Anyways, it reminded me that I should post some fun photos from the last week or two. I do have assignment images done – somewhere – but I haven’t uploaded them yet. I’ll share those when I can actually think about writing something witty. My wit left the building hours ago.

day283 :: year three
The fall colors were spectacular this year. I hear it’s not a regular thing out here, so I feel pretty lucky.

day286 :: year three
Also spectacular were the sunsets in St. Louis during the APME conference. This view was the best part about the strange hotel.

day289 :: year three
Our next class assignment – sports. I can’t wait to showcase the good shots. I took over 1,100 frames between two sporting events, and ended up with quite a few winners. How the hell did I shoot sports for the paper so long ago on a D1/D1X with 512MB and 2GB cards?

day295 :: year three
Yes, I’m a jersey girl. I know my bagels. And we managed to find some in town that could vaguely pass as being a decent bagel. So we bought some. Okay, more than some. But hey, they were half off!

Enough of this non-witty banter. I need sleep, and I’m uninspired by my own photography today.

(and hopefully both time-saving and informative)

Val Hoeppner lead an APME session on free and cheap training and management materials available online, and I had the pleasure actually listening (instead of taking photos) to her discussion. I’ve yet to go through her entire list of goodies, but one that stuck out in my mind as a handy tool was the Google Reader.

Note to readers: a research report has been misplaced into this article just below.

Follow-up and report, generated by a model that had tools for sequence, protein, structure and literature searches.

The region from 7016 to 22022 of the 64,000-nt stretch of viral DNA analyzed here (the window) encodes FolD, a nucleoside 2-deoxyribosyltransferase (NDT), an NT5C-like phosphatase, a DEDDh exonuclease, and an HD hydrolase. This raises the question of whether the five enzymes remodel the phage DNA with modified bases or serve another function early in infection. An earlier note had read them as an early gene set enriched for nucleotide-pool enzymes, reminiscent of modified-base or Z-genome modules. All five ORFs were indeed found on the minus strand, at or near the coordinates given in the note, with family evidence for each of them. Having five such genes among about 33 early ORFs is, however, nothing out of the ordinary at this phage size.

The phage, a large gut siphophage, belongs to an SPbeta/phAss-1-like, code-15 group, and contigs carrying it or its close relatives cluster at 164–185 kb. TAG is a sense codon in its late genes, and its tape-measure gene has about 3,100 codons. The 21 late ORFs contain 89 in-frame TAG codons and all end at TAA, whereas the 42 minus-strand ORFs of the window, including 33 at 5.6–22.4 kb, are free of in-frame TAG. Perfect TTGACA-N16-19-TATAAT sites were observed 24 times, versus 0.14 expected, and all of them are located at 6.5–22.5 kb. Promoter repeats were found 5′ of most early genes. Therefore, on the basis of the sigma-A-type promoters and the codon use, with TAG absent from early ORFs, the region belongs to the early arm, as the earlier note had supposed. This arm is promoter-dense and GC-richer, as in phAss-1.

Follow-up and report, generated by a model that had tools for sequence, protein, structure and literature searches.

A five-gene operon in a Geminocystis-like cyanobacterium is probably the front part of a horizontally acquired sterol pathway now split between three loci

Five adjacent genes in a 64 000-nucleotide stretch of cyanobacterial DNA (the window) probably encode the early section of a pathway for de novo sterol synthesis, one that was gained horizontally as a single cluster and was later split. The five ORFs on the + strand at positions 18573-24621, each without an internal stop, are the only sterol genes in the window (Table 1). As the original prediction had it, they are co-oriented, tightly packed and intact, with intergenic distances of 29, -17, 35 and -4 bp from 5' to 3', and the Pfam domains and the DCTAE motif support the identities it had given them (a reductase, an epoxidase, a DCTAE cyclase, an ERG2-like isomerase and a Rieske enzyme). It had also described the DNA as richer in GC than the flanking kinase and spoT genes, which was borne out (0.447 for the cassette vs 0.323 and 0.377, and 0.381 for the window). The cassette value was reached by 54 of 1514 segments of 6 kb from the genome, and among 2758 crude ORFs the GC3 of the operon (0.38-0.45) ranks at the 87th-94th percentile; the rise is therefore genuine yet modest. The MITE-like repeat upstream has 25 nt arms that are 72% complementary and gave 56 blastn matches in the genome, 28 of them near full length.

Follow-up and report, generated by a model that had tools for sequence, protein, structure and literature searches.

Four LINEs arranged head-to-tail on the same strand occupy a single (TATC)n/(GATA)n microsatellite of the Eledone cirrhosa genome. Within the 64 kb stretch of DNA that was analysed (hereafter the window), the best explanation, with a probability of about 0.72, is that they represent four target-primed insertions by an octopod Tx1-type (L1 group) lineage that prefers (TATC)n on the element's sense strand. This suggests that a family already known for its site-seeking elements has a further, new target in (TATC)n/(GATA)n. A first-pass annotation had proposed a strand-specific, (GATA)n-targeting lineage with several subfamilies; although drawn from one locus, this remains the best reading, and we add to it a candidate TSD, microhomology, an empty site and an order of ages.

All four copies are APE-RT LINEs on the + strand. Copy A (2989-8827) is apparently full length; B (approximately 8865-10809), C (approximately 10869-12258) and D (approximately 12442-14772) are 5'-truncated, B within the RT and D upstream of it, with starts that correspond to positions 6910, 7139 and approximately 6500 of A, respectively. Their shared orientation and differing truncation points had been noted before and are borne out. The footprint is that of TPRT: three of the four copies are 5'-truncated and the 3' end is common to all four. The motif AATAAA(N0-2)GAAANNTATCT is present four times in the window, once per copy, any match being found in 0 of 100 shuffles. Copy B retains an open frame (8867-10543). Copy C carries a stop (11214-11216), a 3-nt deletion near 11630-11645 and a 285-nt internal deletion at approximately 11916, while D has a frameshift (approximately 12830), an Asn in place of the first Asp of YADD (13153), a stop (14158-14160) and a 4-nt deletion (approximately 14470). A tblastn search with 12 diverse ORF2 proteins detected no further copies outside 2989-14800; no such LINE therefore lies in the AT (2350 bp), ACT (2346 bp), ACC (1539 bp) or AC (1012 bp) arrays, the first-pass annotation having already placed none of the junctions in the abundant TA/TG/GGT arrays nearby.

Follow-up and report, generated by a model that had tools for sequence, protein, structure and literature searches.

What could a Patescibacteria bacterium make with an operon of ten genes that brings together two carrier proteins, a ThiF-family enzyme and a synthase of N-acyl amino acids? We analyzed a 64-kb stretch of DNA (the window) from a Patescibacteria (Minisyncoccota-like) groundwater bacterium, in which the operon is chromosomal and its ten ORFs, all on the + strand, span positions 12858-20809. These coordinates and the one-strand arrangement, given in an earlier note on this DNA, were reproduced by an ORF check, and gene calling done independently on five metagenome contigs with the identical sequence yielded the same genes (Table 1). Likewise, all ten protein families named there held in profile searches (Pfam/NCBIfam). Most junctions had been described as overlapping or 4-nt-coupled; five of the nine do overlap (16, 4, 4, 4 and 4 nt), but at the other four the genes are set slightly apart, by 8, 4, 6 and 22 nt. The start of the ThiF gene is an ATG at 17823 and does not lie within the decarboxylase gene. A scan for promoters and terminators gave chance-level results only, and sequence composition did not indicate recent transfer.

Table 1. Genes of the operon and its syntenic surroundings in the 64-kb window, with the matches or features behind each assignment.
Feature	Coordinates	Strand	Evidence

I gave the reader a go a while back and promptly gave up after adding just a few feeds. For one, it was ugly. And being an image-based thinker, plain text just didn’t cut it. And a few blogs I followed were ‘friends-only’ and didn’t allow me to see the posts in my reader.

So off it went into oblivion . . . until today.

I spent a good chunk of this morning and evening setting up feeds – photoblogs of colleagues and friends, industry related links like NPPA and PDN, news sites like the Washington Post, Washington Times and the AP, and guilty pleasure sites like xkcd and PostSecret. Topping off the feed-blitz was the addition of the Better GReader 0.8 add-on for Firefox to make the reader less ugly. (Automatic previews are slower, but much prettier. I like reading the stories in their original format.)

Hopefully all this time invested in getting everything set up will help save time in the future while enriching my knowledge of the world around me and keep me up-to-date with awesome photography.

Or it’ll just encourage my incessant procrastination.